Workouts have become so high-tech lately that people look more like they are undergoing scientific testing than exercising. Gyms are lined with people hooked up to iPods while watching TVs attached to machines that cost more than my first car.
I consider myself old school, with the philosophy that a workout
is a time to zero in and focus on my body, as opposed to distracting myself through it. However, there is one gadget I use consistently, not for distraction, but for efficiency and results: a heart-rate monitor.
Heart-rate monitors are two-piece devices: The strap goes around your chest at sternum height, and the watch goes around your wrist. The sensors in the chest strap send a signal to the wristwatch, letting you know how fast your heart is beating during exercise. Most will even sync up to a cardio machine and show your heart rate on the machine’s display. Newer models not only track your heart rate, but the distance run, calories burned and calories from fat burned. They will log your progress over time.
Why is tracking heart rate so important during exercise?
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Because it tells you exactly how hard you are working. Exercise can be a bit of a mental game, and intensity can be hard to judge. Sometimes you just can’t trust how you feel. It can be difficult to tell if your workout really is hard or if it just feels hard that day from low energy levels, hormones or, more often than not, because your head just isn’t in the game. Going by feeling is subjective, but your heart rate does not lie.
Putting your heart-rate monitor to practical use is easy. Put it on and enter in your personal stats — height, age and weight — and start exercising. Based on those stats, your monitor will not only let you know how many times per minute your heart is beating, but at what intensity range you are working. Generally, barring no special limitations from a doctor, one would want to work within 65 to 85 percent of one’s maximum heart rate. Maximum heart rate is calculated by subtracting your age from 220.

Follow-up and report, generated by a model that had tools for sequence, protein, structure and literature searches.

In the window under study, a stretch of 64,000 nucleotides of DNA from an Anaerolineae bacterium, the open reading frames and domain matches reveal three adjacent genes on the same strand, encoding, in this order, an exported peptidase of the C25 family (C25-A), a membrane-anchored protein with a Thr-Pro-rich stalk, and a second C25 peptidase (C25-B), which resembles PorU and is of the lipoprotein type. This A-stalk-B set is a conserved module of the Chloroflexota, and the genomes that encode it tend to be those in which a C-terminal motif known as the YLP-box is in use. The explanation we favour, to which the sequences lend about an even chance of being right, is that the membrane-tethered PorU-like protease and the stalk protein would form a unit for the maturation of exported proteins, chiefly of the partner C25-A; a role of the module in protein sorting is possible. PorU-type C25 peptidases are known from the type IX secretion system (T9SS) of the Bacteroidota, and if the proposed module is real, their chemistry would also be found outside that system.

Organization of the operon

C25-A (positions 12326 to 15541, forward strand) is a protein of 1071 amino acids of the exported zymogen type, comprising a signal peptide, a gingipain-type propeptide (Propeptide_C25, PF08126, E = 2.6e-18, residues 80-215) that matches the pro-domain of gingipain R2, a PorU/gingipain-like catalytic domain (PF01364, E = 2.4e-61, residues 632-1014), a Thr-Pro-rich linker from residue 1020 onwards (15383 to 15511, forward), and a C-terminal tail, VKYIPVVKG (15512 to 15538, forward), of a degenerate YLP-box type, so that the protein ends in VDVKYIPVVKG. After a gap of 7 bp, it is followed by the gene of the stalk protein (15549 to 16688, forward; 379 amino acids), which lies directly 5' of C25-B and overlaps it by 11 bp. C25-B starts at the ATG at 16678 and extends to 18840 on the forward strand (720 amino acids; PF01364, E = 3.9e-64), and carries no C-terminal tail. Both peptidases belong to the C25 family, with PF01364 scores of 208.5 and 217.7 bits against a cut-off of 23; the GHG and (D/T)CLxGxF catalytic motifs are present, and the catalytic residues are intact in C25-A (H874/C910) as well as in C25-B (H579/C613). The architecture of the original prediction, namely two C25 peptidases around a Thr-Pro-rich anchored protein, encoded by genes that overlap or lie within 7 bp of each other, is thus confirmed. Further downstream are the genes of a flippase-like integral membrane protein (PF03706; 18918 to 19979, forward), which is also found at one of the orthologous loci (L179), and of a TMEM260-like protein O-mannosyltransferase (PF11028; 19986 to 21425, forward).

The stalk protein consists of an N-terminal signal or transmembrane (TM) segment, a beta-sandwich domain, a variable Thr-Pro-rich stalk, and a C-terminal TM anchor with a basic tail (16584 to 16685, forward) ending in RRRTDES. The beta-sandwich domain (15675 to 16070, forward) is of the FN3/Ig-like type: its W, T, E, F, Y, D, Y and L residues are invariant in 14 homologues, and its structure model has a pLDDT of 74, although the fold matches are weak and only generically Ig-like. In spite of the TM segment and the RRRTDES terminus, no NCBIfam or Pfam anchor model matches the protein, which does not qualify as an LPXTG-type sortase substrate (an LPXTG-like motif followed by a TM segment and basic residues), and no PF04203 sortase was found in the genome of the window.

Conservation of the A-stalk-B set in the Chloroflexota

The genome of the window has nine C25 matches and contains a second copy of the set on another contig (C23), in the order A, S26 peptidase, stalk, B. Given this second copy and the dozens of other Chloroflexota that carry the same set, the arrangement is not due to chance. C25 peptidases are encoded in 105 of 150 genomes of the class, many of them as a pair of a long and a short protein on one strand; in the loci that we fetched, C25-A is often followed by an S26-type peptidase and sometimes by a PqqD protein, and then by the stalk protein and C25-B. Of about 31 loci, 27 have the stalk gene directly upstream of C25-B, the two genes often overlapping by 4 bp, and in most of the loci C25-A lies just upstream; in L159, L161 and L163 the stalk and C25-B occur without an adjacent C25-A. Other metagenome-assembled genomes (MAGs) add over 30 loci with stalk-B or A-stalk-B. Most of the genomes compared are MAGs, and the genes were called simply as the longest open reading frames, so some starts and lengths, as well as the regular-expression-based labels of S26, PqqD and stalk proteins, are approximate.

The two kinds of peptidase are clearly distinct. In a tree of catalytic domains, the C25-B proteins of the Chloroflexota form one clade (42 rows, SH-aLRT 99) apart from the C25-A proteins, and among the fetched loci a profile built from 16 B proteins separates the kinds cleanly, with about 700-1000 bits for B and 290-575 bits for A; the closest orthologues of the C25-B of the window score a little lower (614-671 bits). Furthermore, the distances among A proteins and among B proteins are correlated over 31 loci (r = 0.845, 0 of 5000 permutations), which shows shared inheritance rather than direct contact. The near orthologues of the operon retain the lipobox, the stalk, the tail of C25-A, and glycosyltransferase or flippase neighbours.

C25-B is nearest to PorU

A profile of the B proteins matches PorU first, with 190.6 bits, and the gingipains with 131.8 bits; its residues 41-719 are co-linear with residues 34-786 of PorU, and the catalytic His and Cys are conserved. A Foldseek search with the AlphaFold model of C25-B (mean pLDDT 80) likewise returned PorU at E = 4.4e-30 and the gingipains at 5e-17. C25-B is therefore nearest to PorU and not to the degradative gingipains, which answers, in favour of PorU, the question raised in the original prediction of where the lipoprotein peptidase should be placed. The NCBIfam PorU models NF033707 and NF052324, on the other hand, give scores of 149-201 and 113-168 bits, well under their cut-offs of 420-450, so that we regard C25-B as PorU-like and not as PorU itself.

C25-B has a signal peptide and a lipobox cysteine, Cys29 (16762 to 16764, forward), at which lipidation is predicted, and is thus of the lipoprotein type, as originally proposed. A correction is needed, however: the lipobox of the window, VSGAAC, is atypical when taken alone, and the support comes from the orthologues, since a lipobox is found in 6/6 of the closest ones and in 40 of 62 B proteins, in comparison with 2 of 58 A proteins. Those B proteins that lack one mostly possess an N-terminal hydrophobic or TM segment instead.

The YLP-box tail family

Your monitor will tell you both what your heart rate is at any given moment
and what percentage of your maximum rate you are working at. If you fall below 65 percent, you know to bump it up. If your heart rate has shot into the 90 percent range, you know to pull it back for a bit and recover.
Without a heart-rate monitor, you would need to stop constantly and take your pulse, which can get tedious.
While heart-rate monitors are mostly used for cardio, you can use one for any physical activity. Polar, a leading heart-rate monitor brand, even has one specifically designed for strength training. Their FT80 will time your rest intervals and prompt you to move to the next exercise to make sure you get cardiovascular benefits from your strength training, as well as muscle gains.
As long as your heart rate stays within range, you know you are working to intensity.
With all the gadgets out there, it’s tough to know what’s right for your workout. The best way to judge is to ask yourself: Is this going to take my focus away from my workout or help me improve it?
Heart rate monitors, hands down, are the most helpful tool those who are committed to their goals can add to their exercise arsenal.
Kelly Turner is a fitness expert and freelance writer. Follow her on Twitter: @KellyTurnerFit